This is in response to the Acts8 BLOGFORCE! challenge question around stewardship.
I have a phobia around money. I don’t think this is unique to me–lots of people, I’m sure, have similar hang-ups. I am convinced that I will never have enough money, that I am using money incorrectly, and that I am a Bad Person for the ways in which I spend money. And so opening the little banking app on my phone fills me with the cold sweats.
I know where this comes from. I survived several periods in my life where I could not make ends meet–and trips to the grocery store or to the doctor were delayed until the next paycheck came through. I also grew up in a family where the reason given as to why we didn’t have the things the people around us did was ”people make different choices with their money.” So, I got the message that if I couldn’t make ends meet, it was because I had done something wrong. Money became, for me, a stand-in for my moral worth.
Curiously, despite money having all this moral weight in my brain, I never heard much in church about money. There was the annual stewardship sermon, which implored us to give money to keep the building heated and the lights on but not much else.
It was in seminary, with the brilliant (and now of blessed memory) Terry Parsons, who started to change my mind about money. Stewardship, as she explained it, was not an annual event designed to pay the bills–stewardship was how you lived your life.
As she told it, everything we have is a gift from God. Despite what culture says, we don’t earn what we have, and we don’t deserve it. Our material possessions are free gifts, which we are called to be faithful stewards of so that the mission of God can prosper.
That was a really big deal for me. For the first time, someone was contradicting the idea that good morality equated to economic prosperity, that I had picked up. In Terry’s view of the world, having money or not having money wasn’t a value judgement. Money (with some major differences in the distribution system!) was more like grace– since we all received it undeservedly, our job was to send it forth just as freely.
And so what did it matter whether I had money or not? Money belonged to God, not me. My job was to put money where God wanted it anyway. Does God want me to have healthcare? Then yes, I should pay that doctor. Does God want people to be able to have a living wage? Then no, I should not shop at WalMart, even though it was cheaper than many alternatives. Does God want the church to survive? Then yes, I should certainly give to my local parish and its mission.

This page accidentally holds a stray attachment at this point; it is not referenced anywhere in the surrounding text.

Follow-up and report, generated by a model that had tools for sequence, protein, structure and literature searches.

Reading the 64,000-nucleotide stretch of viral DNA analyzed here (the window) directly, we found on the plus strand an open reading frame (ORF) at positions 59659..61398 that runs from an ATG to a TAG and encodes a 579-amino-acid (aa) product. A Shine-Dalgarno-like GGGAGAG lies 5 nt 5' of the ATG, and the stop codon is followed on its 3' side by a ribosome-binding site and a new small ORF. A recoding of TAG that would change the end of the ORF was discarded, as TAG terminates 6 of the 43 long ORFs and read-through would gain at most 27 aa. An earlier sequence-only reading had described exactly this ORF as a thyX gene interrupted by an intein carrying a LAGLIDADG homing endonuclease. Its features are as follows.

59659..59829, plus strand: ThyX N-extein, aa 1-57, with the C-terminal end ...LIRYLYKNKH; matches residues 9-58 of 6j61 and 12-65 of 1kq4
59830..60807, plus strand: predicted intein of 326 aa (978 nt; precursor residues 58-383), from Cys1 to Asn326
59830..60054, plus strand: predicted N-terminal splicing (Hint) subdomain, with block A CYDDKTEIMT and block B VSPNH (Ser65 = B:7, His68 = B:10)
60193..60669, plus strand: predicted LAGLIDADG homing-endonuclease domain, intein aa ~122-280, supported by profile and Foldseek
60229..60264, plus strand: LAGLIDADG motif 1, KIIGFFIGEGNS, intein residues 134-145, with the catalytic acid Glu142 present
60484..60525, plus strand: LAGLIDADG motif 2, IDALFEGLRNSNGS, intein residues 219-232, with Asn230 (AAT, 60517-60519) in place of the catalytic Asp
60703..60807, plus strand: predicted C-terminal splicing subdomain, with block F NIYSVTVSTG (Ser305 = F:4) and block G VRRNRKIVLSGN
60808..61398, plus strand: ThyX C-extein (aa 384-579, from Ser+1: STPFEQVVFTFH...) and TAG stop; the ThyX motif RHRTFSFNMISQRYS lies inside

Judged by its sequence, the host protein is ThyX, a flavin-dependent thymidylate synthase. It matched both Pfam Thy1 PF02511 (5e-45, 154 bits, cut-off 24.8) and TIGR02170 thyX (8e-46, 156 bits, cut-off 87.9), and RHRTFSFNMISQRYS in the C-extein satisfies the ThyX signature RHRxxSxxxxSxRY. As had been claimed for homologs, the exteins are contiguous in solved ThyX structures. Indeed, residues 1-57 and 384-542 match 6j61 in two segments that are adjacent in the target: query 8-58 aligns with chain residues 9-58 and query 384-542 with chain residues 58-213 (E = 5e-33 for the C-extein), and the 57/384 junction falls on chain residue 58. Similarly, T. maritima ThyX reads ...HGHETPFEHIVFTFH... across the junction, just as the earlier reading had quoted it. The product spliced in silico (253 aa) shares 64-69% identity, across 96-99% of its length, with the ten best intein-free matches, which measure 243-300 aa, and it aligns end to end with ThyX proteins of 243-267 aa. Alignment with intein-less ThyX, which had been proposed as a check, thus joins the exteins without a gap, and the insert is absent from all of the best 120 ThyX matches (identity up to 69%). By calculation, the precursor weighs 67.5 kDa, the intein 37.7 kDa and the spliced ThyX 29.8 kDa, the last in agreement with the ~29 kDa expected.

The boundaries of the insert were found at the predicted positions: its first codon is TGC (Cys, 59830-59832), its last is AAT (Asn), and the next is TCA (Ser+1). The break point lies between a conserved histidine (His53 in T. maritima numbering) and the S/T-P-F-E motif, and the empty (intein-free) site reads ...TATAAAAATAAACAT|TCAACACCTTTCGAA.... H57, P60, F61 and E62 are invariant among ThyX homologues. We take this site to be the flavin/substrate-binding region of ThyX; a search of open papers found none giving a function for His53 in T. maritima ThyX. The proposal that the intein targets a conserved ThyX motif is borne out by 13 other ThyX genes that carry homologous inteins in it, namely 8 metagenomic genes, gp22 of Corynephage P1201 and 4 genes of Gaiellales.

Coming to see money and my material possessions as belonging to God, and not to me was a radical shift in my understanding and comfort level with money. It empowered me to be bolder with my resources, more able to see at work in everything around me–even the things which scare me most.
Fortunately they don’t have fabulous shoes at Walmart. 🙂 I know many people working at Walmart and they’re making well above minimum wage, considerably more than those working at many other jobs, including manual labor, fast food, and so forth.
No, I don’t think Walmart is perfect, but spending 80 percent of our shopping money there instead of places further away from us (and more expensive) lets us save cash and gas, and give more to our parish for it and the greater work of the Church.
Again, we’re just making different choices in how to redistribute what God has given us.
Thanks, Megan. The “living wage” consideration may not apply to the U.S. Walmart employee, but it often does of you follow the supply chain back to the source of the product in question: Bangladesh, Cambodia, Laos, Sri Lanka. Therein lies the rub.